It was a historic development, but I do not want to take the entire credit for this. As many big ideas are born in small places, it had happened in a small conference room in Bangalore when in 1985 India had joined the world in celebrating the International Year of the Youth. Here, I had argued in favour of the idea of reducing the voting age which eventually became part of the final declaration of conference recommendations and submitted to the Youth Ministry. The crux of my argument was if a youth at 18 could marry and become a parent, could become a soldier and defend the country, could drive a vehicle, could open an account, could go to a university, could take up a fulltime job and could be treated as an adult, why can’t he or she participate in the decision making processes and exercise their right political choice. Many came forward to support the idea including the then Prime Minister Sh. Rajiv Gandhi who included this in his party manifesto before elections. This eventually led to the 61st Constitutional Amendment Act, 1988. Since then, this important piece of legislation has transformed millions of young Indians from passive subjects to active citizens. Little things, innocuous experiments, small steps have a history of developing into big epoch-making events.

 

We hear you have also given a voter participation strategy to the Election Commission called YUVA. What is that?

As you know, young voters hold the key to India’s future as a democracy. YUVA is actually an acronym for Youth Unite for Voter Awareness. It has ten strategic components like analysing the social environment in which the youths live, building coalition of various youth volunteers organisations, focusing on low voter-turnout constituencies, increasing participation of young women, mobilising urban netizens, developing cultural habits of voting, celebrating National Voter’s Day, recognising contribution of volunteers in promoting voter awareness and finally putting a robust implementation and monitoring mechanism in place. YUVA gives a long list of reasons on why the youths must stop complaining and start voting. YUVA along with reinforcing voter education strategies of the SVEEP division in the Election Commission has proved to be a game-changer leading to increased voter participation from 56% in 2004 to about 67% as at present.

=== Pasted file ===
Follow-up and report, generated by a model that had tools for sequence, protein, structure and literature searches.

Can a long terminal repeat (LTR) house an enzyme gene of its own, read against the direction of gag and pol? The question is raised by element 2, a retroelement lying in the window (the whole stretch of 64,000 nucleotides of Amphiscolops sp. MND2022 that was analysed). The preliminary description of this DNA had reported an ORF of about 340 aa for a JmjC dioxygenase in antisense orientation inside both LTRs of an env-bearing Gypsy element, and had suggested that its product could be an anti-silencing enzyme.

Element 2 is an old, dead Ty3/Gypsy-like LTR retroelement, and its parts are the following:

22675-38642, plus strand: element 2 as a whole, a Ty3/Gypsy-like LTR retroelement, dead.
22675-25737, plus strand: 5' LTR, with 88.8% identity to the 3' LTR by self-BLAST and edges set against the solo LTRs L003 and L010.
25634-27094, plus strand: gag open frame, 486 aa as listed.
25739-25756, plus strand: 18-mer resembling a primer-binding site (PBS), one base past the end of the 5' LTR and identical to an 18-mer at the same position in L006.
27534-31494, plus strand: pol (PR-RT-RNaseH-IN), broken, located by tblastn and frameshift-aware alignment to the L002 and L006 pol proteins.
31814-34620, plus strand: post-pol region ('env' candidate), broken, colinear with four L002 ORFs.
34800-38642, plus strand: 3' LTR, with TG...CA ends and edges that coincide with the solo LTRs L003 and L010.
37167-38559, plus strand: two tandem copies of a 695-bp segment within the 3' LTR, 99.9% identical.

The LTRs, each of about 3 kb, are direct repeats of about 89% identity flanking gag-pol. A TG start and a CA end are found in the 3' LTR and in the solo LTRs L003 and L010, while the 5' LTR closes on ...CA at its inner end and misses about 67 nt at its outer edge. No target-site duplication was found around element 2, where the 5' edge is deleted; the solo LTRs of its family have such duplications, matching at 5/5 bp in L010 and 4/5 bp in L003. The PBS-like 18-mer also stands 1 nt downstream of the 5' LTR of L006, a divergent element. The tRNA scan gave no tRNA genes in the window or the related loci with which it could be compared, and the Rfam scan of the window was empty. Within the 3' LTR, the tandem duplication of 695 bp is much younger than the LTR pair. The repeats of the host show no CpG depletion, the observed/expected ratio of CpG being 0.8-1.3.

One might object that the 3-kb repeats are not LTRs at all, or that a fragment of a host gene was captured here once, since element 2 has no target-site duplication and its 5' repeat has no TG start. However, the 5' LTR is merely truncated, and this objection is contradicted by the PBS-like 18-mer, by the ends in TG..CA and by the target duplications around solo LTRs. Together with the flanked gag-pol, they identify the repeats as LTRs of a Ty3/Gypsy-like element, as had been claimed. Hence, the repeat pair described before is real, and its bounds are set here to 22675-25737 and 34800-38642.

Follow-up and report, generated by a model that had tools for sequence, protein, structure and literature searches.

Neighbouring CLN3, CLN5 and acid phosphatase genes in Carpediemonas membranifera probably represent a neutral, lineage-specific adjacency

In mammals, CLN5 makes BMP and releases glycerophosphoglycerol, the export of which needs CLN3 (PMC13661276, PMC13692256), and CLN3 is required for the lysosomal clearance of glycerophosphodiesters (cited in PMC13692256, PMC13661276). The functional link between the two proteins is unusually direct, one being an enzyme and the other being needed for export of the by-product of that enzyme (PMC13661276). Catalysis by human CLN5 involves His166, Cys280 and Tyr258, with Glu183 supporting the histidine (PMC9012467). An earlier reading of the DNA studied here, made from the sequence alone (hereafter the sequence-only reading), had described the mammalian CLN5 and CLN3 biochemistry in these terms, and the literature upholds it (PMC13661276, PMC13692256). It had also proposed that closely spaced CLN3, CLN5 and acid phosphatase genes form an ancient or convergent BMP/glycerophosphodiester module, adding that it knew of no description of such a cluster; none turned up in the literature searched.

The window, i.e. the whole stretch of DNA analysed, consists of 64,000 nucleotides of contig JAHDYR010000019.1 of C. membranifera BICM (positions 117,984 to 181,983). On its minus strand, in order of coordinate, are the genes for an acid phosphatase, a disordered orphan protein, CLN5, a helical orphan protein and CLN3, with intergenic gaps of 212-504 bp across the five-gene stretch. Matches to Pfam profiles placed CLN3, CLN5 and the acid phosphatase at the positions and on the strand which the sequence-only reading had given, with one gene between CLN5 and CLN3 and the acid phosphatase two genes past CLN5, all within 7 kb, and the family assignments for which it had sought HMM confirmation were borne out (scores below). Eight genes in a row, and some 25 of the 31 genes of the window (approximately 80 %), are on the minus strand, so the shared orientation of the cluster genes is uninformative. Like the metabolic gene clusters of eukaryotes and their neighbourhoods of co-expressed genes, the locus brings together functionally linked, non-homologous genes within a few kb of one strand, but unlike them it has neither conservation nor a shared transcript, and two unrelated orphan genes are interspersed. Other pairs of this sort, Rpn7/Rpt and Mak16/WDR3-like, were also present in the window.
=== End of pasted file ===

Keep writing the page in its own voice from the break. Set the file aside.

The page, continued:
What are the preparations for the Bijepur bye-elections this month?

You can get the details about it from our Chief Electoral Officer of Odisha and concerned Returning Officer and the DEO. Like similar elections in other States, it will be free and fair and all necessary arrangements have been done. Key officials to be on election duty have been trained, electoral rolls have been updated and shared with contesting political parties. The process of identifying polling staffs and their randomised deployment have started. The people in charge of checking electronic voting machines and those in charge of security have been alerted. In addition to primary security duty of State police and armed forces, Central paramilitary units are also deployed to ensure neutrality in addition to poll observers. Further, webcasting of sensitive booths will also be done for monitoring the polling process. The Election Commission is always in a state of preparedness.

 

You have worn multiple caps in your long career in public service. Any reflections?

Each one was a challenge and an opportunity which I tried to convert into a mission. For instance, when Babri-Ram Janmabhumi, disputed structure was demolished, we mobilised a million youth volunteers and organised 5000 youths for social harmony camps in the country to cool down the tampers. When Kandhamal was burning with communal violence, we immediately formed a civil society network, Odisha Shanti Sadbhawna Abhiyan, to improve the situations through events like Gandhi Katha, peace marches and Antarang. When HIV/AIDS struck the country in 1980, we developed an innovative awareness campaign called ‘Universities Talk AIDS’ and turned the tide. It was internationally acclaimed. Subsequently in NACO, we framed a five-year strategic plan, National AIDS Control and Prevention Programme (NACP), that helped reverse the trend. The result is for everyone to see.

 

You are also an author and a popular columnist. What’s your latest publication?

I write regularly in my column Bikalpa Biswa in ‘Sambad’ mostly on development issues. My latest book ‘Lucy’s Children’ was released last year being acclaimed by many including former BBC chief n India Mark Tully, American Indologist Wendy Doniger and former Chief Election Commissioner and author Dr SY Quraishi. It is published by Vishwakarma Publication and now available on Amazon. The theme is unconventional and full of real life episodes. I can assure you it will not disappoint the readers.